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Originally published August 13, 2009 at 6:50 PM | Page modified August 13, 2009 at 6:50 PM

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Ken Griffey's single in 14th gives Mariners a 1-0 victory over White Sox

Run ends longest scoreless game in Mariners history

Seattle Times staff reporter

Today

Yankees @ M's, 7:10 p.m., FSN, 710 ESPN

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Barely a drop of sweat could be found on Ken Griffey Jr. once he'd reached the finish line of this marathon night.

He didn't have the bruises or sore knees of Rob Johnson, the guy he pinch-hit for Wednesday night after the latter had caught all 14 innings of what had been the longest scoreless game in Mariners history. Griffey didn't have to ice his arm the way Felix Hernandez, Chris Jakubauskas and other mound architects of this 1-0 win over the Chicago White Sox had to when it was finally over.

About the only real work for Griffey, after he'd laced a walkoff single to the right-field corner, was evading the thunderous backslaps of teammates who'd chased him to the outfield grass in celebration.

"I'm going to look at the tape and there's going to be a massacre tomorrow," Griffey joked of future payback.

But the 39-year-old, who'd received a rousing ovation from 24,427 fans at Safeco Field when he strode to the plate with two on and two out, wasn't kidding around when he downplayed his role in the final result.

"These guys, from 7 o'clock until 10:50 or whatever it was, they made some great plays defensively," Griffey said after the three-hour, 52-minute affair. "It was just an unbelievable game. I was just fortunate that I got up there and got the hit that sent everyone home happy."

The crowd erupted and the Mariners' dugout emptied as Griffey's hit sent Adrian Beltre scampering home from second. Beltre had opened the inning with his third hit, off White Sox reliever Tony Pena, and made a winner of Jakubauskas.

But things might never have gotten to Griffey if not for the glovework of both teams. What began as a classic pitching duel between Hernandez and White Sox counterpart Mark Buehrle later morphed into a battle of bullpens and finally, a showcase of how defense is meant to be played.

Johnson played a key role in a run-saving throw from right field by Ichiro in the fifth inning, blocking the plate and holding onto the ball as tagging runner Jayson Nix tried to score from third. Five innings later, Johnson saved the day with his own arm, picking off lead runner Scott Podsednik at third base after Chicago put runners at the corners with one out.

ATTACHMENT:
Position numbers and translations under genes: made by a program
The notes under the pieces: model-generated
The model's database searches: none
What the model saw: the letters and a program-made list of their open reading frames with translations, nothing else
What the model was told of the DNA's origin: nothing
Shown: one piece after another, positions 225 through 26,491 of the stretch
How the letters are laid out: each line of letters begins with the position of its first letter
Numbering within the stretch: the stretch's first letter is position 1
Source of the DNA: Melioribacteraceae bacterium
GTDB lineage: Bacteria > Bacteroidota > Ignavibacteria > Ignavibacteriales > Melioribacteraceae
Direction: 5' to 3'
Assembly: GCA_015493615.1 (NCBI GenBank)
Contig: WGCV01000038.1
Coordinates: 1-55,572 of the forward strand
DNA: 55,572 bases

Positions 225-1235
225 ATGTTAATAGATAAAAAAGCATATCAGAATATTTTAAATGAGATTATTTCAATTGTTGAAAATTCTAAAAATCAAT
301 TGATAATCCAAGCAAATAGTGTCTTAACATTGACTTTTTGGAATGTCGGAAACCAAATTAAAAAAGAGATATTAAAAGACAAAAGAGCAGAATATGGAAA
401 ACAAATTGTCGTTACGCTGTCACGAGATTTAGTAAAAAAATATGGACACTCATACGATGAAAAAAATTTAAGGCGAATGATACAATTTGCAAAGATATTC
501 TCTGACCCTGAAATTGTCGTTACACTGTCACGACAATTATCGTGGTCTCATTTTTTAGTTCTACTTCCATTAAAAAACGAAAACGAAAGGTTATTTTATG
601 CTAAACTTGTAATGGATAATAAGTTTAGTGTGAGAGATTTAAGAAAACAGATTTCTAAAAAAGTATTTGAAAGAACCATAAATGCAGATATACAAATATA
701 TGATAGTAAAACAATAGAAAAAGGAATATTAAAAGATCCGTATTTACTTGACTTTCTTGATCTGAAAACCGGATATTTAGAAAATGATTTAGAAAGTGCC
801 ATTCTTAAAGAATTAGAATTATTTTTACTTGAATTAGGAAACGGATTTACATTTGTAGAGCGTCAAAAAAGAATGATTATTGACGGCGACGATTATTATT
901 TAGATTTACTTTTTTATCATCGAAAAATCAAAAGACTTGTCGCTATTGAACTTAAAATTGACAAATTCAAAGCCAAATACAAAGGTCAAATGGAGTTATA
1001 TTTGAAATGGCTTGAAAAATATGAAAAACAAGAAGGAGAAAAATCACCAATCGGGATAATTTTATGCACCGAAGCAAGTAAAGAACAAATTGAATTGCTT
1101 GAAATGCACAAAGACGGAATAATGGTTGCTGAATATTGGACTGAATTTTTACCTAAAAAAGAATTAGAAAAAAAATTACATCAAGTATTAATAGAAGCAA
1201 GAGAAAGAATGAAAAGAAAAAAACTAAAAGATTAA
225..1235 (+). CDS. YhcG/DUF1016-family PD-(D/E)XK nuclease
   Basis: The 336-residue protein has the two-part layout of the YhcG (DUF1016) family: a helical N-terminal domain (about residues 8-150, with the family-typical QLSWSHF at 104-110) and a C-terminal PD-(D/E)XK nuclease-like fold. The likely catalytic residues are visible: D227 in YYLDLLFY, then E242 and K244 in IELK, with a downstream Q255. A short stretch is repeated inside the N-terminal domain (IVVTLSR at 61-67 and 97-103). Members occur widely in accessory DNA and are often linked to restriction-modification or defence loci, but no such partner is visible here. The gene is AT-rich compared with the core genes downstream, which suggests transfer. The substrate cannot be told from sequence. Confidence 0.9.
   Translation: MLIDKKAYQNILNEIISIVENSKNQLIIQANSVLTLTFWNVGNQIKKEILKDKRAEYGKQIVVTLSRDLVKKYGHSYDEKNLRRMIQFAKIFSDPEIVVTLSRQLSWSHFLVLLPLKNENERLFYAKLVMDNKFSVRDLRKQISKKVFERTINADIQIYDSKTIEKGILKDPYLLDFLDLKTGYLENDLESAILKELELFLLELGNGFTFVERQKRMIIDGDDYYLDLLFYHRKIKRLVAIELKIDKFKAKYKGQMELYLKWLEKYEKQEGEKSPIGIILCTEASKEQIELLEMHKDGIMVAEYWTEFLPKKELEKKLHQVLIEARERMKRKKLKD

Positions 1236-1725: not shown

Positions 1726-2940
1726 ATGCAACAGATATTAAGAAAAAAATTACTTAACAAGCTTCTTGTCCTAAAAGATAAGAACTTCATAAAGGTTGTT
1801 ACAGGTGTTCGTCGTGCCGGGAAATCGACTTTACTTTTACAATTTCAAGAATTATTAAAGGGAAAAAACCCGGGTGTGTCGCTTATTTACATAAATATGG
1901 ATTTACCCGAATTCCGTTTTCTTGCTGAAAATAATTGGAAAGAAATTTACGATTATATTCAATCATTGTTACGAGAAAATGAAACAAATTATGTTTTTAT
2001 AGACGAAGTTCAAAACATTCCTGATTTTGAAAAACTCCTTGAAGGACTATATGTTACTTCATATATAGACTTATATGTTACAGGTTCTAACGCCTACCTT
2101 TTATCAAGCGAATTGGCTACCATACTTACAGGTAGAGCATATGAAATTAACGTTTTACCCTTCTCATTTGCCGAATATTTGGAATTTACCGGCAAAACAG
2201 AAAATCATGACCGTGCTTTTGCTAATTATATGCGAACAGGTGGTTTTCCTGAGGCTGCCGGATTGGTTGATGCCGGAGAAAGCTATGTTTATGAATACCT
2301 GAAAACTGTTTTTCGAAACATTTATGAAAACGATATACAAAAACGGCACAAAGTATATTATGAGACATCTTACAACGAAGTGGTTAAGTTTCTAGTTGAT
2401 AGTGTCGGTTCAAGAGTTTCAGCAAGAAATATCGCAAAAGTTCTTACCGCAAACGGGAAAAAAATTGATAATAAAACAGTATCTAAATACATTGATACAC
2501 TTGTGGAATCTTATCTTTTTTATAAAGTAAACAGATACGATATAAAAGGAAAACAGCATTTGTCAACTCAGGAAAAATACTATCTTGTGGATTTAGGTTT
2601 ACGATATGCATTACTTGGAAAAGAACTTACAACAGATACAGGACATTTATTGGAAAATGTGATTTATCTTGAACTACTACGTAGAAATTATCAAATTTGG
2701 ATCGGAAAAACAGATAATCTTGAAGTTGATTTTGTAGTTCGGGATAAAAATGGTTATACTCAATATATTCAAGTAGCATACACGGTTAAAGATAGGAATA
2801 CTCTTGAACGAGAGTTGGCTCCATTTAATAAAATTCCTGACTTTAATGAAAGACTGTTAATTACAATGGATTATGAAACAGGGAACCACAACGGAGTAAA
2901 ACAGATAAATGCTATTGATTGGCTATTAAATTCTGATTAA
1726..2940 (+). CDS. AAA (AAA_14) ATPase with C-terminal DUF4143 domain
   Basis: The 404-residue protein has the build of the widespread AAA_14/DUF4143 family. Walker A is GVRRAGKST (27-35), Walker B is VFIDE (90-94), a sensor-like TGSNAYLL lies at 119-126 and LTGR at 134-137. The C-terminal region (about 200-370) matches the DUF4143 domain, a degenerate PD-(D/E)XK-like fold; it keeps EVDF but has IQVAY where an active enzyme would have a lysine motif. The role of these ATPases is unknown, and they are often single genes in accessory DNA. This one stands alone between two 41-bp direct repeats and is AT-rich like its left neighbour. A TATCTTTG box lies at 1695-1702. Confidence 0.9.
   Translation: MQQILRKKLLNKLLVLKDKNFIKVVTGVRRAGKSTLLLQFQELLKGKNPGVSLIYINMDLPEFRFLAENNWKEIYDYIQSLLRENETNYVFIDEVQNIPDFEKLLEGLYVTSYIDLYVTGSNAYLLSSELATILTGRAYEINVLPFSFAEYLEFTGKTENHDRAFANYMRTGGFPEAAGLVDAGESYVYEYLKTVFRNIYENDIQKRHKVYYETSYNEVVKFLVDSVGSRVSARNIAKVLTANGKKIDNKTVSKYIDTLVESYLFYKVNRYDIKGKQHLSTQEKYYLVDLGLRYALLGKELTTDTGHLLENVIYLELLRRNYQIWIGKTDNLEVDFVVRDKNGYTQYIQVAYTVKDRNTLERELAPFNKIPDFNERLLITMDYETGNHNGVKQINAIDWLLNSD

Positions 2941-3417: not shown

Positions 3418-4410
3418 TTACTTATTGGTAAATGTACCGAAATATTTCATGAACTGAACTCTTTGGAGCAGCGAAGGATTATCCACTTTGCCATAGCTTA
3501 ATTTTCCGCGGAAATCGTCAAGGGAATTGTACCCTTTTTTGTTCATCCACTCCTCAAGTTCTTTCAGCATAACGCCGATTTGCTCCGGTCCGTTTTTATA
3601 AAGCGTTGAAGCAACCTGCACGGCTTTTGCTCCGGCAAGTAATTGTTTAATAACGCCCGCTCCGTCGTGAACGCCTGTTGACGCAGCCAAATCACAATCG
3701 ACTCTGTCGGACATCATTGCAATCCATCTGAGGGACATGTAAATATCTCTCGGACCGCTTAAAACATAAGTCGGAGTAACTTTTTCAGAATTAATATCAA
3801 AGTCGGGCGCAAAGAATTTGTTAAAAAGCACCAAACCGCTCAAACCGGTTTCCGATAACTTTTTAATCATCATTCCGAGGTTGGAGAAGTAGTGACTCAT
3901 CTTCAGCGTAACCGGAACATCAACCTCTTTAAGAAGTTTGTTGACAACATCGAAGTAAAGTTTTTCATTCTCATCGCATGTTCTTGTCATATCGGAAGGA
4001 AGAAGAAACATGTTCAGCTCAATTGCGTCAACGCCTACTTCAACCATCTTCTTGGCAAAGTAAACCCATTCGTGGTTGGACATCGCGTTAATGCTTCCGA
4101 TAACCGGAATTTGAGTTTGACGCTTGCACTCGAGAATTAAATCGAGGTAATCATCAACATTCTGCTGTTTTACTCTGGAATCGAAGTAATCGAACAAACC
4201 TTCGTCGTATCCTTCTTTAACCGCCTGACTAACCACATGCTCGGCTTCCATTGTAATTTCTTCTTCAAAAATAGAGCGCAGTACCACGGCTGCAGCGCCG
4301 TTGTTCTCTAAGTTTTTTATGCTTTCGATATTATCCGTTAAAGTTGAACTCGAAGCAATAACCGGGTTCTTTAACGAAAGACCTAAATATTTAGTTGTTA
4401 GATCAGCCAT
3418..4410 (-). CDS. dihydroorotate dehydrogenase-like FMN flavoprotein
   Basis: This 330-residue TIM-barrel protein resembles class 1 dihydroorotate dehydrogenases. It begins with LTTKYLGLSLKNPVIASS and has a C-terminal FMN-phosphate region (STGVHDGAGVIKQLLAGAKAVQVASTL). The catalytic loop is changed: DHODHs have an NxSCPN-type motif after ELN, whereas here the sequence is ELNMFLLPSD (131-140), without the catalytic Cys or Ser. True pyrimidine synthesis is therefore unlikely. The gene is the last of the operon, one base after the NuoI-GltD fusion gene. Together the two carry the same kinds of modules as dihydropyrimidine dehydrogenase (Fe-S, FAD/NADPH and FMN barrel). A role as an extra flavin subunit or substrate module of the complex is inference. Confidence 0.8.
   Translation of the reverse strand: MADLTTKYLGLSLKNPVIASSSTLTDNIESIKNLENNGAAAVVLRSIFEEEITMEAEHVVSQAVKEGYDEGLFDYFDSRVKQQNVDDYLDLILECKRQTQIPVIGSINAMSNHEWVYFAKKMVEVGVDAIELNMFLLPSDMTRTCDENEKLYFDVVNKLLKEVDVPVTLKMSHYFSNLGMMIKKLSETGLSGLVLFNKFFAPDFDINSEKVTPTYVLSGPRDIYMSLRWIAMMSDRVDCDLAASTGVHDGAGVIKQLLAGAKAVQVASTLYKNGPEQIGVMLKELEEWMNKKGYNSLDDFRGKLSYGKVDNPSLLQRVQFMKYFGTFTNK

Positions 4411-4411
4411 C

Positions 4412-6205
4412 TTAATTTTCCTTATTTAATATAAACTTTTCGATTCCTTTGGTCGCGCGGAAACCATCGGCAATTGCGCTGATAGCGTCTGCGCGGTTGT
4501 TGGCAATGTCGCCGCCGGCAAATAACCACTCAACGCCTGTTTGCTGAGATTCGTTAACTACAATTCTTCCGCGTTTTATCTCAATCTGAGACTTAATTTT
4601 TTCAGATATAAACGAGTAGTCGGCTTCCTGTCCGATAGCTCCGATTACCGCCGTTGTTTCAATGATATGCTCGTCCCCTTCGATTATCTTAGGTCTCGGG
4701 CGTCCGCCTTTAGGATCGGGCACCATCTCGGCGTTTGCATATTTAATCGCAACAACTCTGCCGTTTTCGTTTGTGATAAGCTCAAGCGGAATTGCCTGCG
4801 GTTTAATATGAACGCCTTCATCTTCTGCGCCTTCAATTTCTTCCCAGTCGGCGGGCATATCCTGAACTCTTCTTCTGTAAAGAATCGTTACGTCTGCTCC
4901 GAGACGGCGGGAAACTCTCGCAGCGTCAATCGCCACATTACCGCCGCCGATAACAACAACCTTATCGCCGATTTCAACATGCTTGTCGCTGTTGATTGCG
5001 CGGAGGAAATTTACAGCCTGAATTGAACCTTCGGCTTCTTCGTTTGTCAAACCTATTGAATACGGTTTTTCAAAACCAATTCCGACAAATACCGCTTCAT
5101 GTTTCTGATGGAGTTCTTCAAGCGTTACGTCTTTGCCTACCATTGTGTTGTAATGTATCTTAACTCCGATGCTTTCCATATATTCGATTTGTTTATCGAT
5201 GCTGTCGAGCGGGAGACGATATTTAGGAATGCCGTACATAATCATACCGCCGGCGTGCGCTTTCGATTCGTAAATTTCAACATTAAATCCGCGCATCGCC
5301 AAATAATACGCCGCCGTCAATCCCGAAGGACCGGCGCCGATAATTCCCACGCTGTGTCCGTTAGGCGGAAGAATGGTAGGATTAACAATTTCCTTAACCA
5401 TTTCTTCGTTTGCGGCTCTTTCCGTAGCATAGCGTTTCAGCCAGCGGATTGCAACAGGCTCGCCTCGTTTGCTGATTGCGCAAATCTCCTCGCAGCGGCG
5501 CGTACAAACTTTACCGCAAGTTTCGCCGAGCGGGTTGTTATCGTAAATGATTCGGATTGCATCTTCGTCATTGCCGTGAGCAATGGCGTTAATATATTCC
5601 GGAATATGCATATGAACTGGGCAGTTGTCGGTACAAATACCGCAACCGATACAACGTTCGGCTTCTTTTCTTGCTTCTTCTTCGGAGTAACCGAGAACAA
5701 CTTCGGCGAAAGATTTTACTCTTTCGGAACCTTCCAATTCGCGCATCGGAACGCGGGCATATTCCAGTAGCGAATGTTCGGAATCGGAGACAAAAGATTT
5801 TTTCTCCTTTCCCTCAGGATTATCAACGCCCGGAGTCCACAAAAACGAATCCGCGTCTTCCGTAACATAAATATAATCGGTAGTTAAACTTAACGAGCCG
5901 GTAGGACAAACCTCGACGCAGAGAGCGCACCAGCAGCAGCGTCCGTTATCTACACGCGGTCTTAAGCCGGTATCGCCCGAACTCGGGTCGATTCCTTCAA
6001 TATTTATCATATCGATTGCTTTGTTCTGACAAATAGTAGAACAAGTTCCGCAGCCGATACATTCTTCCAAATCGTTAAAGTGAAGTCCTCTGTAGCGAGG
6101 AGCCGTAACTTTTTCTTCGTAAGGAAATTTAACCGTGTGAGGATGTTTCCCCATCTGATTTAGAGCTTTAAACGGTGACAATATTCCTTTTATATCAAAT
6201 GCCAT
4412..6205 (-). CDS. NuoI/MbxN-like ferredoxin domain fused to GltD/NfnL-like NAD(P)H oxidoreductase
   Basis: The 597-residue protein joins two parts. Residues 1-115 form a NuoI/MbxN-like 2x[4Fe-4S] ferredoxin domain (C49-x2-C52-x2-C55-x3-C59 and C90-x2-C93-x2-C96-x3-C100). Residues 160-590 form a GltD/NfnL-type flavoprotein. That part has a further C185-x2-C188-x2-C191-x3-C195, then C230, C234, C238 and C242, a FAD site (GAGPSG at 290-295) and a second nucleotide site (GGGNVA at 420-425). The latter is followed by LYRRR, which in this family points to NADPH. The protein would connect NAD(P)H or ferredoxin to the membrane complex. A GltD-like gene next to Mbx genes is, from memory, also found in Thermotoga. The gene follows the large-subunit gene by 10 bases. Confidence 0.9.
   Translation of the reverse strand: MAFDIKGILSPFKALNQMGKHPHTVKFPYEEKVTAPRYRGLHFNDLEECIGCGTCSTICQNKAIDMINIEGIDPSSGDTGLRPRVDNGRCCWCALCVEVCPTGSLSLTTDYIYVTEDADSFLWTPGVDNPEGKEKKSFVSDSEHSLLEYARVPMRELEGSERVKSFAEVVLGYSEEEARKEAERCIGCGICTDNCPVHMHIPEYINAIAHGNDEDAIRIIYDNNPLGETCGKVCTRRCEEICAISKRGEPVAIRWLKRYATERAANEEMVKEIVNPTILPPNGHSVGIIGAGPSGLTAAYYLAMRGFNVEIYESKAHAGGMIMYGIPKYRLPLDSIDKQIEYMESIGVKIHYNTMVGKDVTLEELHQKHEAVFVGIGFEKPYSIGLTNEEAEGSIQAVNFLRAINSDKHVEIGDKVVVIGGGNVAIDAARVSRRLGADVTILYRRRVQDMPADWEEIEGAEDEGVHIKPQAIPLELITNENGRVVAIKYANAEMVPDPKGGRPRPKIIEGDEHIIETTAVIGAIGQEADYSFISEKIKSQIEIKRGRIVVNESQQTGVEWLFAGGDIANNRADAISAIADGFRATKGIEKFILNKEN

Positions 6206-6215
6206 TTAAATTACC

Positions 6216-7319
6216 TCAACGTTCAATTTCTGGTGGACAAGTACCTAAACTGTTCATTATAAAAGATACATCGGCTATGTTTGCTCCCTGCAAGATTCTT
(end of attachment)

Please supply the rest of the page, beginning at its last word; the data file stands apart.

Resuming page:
Later, Johnson nearly won it with his bat in the 12th, only to be robbed by a saving catch of his line drive and a double play turned by Sox first baseman Mark Kotsay.

Jack Hannahan came through for the Mariners as well, having replaced Jack Wilson after the shortstop pulled a hamstring. Hannahan went to his knees for a Carlos Quentin grounder in the 13th before throwing him out by a step at first.

"Hannahan made a great play up the middle and saved me," Jakubauskas said. "I was looking for the ball in center field when he popped up and threw it. All around, it was a great job by everybody."

Hernandez was great when he had to be throughout his 105-pitch effort, having been hit by leg cramps from the first inning on.

"Every pitch I threw, I would get the cramp," Hernandez said. "I just pitched though it. I pitched through it and got the seven innings."

Hernandez was never better than in the seventh. With runners at the corners and nobody out, he struck out Podsednik — after the hitter had ripped a ball just foul past the first-base bag — then got Gordon Beckham to hit a double-play grounder.

"It's probably the best game I've ever been associated with as far as pitching from both sides," Mariners manager Don Wakamatsu said.

And he was right, as Buehrle kept the Mariners off the board through his eight frames. Wakamatsu was prepared to allow Jakubauskas to work a third inning, after he and relievers Sean White, Mark Lowe and Shawn Kelley carried things to the 14th.

But Griffey made sure he didn't have to. And the team made sure he wasn't about to forget his contribution.

"He's the big brother around here," Mike Sweeney said of his fellow designated hitter. "He'll wrestle Ichiro, pin him down. Throw Rob Johnson in a locker. But as you could tell, the guys were excited to put a beat-down on Junior. It was well-deserved and he's definitely a big part of the team."

Geoff Baker: 206-464-8286 or gbaker@seattletimes.com

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